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A New Solar Cell on the Block

A New Solar Cell on the Block

Post-doctoral scholar Tomas Leijtens and Professor Mike McGehee examine perovskite tandem solar cells. Image: L.A. Cicero / Stanford

How do you make a solar cell cheaper, more efficient, and more versatile? The answer, say researchers at Stanford, is to use perovskite instead of silicon. Already their lab versions are outperforming silicon, have proved easier to produce, and have the potential to be manufactured on thin flexible substrates. That’s another way of saying they could someday solve all our energy needs.

Perovskite refers to a crystalline structure similar to that found in the rock of the same name. But where nature’s perovskite is calcium titanium oxide, the stuff fabricated for solar cells is lead, tin, and iodine. These materials turn out to be much simpler to process than silicon.

“We started off with a metal ammonium lead iodine perovskite. That’s the basic archetypal material,” says Giles Eperon, a postdoctoral research fellow at Stanford, who’s been working hard to make the new cell viable. “Since then we’ve been swapping things in and out.” By substituting tin for lead and bromine for iodine, the researchers have been able to fine tune the absorber. “Basically, you have a really good optical material, and you can put the band gap wherever you want it within this wide range we have. Conceptually it’s easy. Form an engineering point of view it comes with a whole host of challenges.”

Cross-section of a new tandem solar cell. The brown upper layer of perovskite captures low-energy lightwaves, and the red perovskite layer captures high-energy waves. Image: Rebecca Belisle and Giles Eperon / Stanford

Chief among them is the fact that perovskite with tin crystalizes very quickly. Usually, with spin coating deposition, a solution is spun off a substrate, leaving a thin, wet layer which is then heated until it crystalizes. “With the tin-based material, it was crystallizing so fast it was effectively forming the final crystal materials while it was spinning,” says Eperon. “That has bad implications for the morphology of the film.” To slow the crystallization, and leave the film smooth rather than rough, the team dived into the literature. They found that by adding the solvent dimethyl sulfoxide, they were able to slow crystallization, after which they used an anti-solvent wash to remove any remaining the dimethyl sulfoxide molecules.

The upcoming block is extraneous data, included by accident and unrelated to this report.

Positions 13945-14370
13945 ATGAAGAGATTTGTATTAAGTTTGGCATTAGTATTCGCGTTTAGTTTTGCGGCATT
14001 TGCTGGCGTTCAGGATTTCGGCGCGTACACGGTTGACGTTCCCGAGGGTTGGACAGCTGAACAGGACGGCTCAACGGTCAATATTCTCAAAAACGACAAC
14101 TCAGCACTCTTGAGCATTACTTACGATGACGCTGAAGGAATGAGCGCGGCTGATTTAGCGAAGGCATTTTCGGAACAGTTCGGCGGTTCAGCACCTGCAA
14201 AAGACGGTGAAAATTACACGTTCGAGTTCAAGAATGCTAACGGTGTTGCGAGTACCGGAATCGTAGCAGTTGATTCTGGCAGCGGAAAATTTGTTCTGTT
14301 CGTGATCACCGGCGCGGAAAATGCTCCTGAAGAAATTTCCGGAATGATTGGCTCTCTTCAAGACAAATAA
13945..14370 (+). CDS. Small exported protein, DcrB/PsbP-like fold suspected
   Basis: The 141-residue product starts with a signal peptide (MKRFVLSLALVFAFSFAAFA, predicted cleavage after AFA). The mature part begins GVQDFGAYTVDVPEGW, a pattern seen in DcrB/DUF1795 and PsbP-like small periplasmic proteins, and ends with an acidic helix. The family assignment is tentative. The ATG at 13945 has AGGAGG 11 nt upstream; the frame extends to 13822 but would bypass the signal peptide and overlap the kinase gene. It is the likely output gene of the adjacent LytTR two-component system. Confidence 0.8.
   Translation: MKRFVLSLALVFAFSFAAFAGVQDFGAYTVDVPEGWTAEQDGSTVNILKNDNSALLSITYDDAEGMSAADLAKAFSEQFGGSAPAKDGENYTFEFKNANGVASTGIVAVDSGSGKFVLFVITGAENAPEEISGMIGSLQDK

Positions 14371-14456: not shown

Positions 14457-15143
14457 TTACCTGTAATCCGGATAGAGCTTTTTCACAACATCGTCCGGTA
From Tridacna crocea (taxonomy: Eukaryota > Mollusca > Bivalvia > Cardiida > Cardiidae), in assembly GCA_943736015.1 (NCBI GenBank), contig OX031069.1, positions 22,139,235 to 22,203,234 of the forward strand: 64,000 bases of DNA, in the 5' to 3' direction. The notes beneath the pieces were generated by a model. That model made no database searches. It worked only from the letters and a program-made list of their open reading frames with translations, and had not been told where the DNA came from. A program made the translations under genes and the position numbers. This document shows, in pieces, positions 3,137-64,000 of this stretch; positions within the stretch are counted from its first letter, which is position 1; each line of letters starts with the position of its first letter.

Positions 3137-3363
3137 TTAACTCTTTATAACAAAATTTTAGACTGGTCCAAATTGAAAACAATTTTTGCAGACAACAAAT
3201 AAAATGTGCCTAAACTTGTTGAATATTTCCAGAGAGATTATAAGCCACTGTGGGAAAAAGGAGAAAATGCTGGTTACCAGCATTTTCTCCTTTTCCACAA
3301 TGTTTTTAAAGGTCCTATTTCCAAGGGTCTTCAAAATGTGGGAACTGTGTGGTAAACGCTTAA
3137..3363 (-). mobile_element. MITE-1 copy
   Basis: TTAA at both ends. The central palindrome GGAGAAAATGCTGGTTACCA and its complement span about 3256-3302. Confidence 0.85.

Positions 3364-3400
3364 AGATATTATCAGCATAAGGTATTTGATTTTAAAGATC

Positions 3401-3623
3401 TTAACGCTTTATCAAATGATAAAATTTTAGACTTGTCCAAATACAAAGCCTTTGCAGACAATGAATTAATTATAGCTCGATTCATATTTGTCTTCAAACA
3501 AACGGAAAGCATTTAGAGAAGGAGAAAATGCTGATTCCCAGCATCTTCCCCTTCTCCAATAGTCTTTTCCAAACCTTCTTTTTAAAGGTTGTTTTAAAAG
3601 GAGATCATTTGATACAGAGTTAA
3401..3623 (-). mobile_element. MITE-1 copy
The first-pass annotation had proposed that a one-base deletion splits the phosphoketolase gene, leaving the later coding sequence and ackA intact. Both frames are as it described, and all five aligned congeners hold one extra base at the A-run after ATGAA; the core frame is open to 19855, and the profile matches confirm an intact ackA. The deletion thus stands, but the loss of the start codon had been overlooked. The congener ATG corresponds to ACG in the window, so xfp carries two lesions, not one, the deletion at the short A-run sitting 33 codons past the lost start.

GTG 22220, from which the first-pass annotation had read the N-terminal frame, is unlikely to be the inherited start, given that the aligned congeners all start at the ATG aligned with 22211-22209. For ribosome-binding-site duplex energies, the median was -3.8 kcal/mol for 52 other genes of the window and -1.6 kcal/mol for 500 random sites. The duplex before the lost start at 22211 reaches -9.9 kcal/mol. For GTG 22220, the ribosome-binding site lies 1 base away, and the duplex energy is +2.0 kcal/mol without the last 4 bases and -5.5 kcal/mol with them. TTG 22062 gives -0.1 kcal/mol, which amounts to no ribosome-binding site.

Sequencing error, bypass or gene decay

In the past, researchers have steered clear of tin based perovskite, because of its sensitivity to oxidization. By mixing in lead, Eperon managed to make an alloy that was just as stable as lead.

Producing perovskite is cheaper and more eco-friendly than producing silicon. Where silicon requires temperatures of 3000 degrees, perovskite can be processed at room temperature. Nor does it require the toxic chemicals needed to treat silicon. Perhaps the biggest advantage is the fact that perovskite is solution processable. It can be used with inkjet printing, slot-die coating, and spray coating. Silicon has to be sliced into rigid wafers and will never be sold on a roll.

Obviously, we need to be producing tens of centimeters squares if you want to make a module. And with solution processing it’s an unanswered question as to how effectively you can solve that.

-Giles Eperon, a postdoctoral research fellow, Stanford

But before perovskite solar cells can be printed out like so much newspaper, there are still a few problems to solve. The cells Stanford is making have 10 different layers that range between two and 500 nanometers in width. They can’t touch each other, needless to say. That’s not too difficult a requirement for the tiny less-than-a-square-centimeter cells Eperon has been making in the lab. “Obviously, we need to be producing tens-of-centimeter squares if you want to make a module,” he says. “And with solution processing it’s an unanswered question as to how effectively you can solve that.”

That’s not all that’s unanswered. Already, Eperon and his colleagues have, in the lab, beaten silicon for efficiency. “We’ve been working on pushing it further and further,” he says. “Really, the remaining question is how far can it go?”

Michael Abrams is an independent writer.

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